First, they looked at us like we might have dropped poison in their water. Then they nudged the sack, then nudged each other as if to say, “No, you try it!” and looked at us again, this time as if perhaps we’d dropped a small animal carcass in their water. After several minutes of nudging, sipping and head-shaking, Valentine finally decided he was thirsty enough he’d have to just go for it. They both got a drink, albeit still suspiciously, and hung around the water cooler for quite a while. Unsurprisingly, when we came out about an hour later to check the tank, the suspicious item was on the ground a few feet away.
They finally got used to it and left it alone, but did it work? Not really. I emailed the makers of the product to ask for further instructions, and the actual owner emailed back with his phone number. I called him and had a very nice conversation with him, in which he gave me one of my favorite quotes to this day: “A horse is just an animal spending its day trying to kill itself.” Unrelated to the stock tank, but true nonetheless. Anyway, he diagnosed the problem, which was that I had put the water tank in the shade. It needs sun to work. So we moved it to a nice sunny spot, where we also did not get good results. But we were using an itty bitty (about 20 gal) tub, off-white in color. We upgraded to a 100-gallon stock tank but by then it was winter and we kind of forgot about the Stock Tank Secret.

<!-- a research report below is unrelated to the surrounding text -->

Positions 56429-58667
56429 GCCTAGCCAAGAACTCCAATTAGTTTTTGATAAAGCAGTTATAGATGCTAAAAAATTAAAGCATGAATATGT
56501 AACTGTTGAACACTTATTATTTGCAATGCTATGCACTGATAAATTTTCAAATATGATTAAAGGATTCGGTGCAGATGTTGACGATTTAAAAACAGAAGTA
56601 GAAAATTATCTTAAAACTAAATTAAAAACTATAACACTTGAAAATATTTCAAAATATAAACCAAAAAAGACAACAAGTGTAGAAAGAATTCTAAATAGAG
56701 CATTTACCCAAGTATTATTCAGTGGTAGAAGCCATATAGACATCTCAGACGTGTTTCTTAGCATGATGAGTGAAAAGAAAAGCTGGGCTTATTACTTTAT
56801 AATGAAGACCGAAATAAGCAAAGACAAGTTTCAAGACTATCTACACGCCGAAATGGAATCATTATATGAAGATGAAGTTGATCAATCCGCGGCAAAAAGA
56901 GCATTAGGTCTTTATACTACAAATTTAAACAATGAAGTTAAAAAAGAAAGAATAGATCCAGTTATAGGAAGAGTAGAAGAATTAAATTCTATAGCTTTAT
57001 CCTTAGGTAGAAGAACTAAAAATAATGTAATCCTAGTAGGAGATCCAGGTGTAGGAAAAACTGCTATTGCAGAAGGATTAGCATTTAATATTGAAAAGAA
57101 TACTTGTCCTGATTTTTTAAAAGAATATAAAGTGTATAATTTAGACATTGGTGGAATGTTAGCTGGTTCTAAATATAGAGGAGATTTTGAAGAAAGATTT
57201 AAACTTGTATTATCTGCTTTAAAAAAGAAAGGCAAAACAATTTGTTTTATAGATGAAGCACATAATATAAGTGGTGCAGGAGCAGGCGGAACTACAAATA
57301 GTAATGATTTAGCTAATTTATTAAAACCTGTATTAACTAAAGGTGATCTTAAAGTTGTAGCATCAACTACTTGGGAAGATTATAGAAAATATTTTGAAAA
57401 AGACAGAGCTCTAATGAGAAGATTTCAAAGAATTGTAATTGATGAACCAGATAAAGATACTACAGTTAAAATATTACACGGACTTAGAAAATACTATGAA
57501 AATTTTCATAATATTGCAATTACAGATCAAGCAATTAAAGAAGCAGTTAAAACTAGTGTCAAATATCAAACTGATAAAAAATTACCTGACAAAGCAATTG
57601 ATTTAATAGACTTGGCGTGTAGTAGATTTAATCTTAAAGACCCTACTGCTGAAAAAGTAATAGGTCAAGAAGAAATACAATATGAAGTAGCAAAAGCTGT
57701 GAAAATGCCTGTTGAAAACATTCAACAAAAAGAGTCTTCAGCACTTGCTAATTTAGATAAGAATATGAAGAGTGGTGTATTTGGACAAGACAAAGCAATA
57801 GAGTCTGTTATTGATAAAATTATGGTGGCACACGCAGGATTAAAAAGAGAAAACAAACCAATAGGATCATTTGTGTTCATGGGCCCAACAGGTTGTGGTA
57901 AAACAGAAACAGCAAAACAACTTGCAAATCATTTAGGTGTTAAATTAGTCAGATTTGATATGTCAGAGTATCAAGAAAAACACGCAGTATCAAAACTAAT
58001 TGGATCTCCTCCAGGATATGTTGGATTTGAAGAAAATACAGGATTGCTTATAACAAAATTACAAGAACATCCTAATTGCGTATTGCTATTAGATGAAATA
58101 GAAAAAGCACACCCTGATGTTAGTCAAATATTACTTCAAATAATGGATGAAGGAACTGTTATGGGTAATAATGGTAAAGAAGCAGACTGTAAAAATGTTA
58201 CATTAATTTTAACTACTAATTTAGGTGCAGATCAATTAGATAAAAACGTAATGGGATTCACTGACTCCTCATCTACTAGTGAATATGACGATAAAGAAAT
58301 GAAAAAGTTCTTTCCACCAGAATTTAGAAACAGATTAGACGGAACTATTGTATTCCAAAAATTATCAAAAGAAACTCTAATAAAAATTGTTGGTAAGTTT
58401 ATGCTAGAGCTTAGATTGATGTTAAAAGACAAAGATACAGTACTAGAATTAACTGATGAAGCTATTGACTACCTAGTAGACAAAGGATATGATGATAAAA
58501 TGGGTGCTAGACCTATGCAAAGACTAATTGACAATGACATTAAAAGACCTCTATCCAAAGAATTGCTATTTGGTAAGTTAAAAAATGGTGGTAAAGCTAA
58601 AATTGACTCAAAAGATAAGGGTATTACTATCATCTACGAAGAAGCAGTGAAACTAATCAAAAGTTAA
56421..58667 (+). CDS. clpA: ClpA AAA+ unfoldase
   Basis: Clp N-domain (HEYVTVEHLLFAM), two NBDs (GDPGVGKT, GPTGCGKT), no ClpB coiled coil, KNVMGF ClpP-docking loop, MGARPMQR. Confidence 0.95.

Fast forward to this year. We’re on our second 100-gallon water tank – the first one cracked and therefore leaked like a sieve. It also turned green within days of cleaning, and wasn’t much fun to clean – big, deep, with a ridge about halfway up because the bottom half isn’t as wide as the top. Why are they made that way? I’m sure there’s a good reason – other than making it harder to clean – but I don’t know what it is. (Perhaps to keep the horses from kicking it – well, they still do.) Anyway, when we got the new tank, we decided to try the Stock Tank Secret again. We’ve been using it for about a month now.
So, does it work? Kind of. It stays pretty clear of algae, which is what you have to scrub off. The water still gets nasty pretty quickly, because horses are very messy drinkers. They dunk their dirty muzzles all the way in, and backwash like crazy. We still have to empty that big old thing at least once a week and put clean water in, but we don’t really have to scrub it, which is nice. All in all, it is worth the small investment.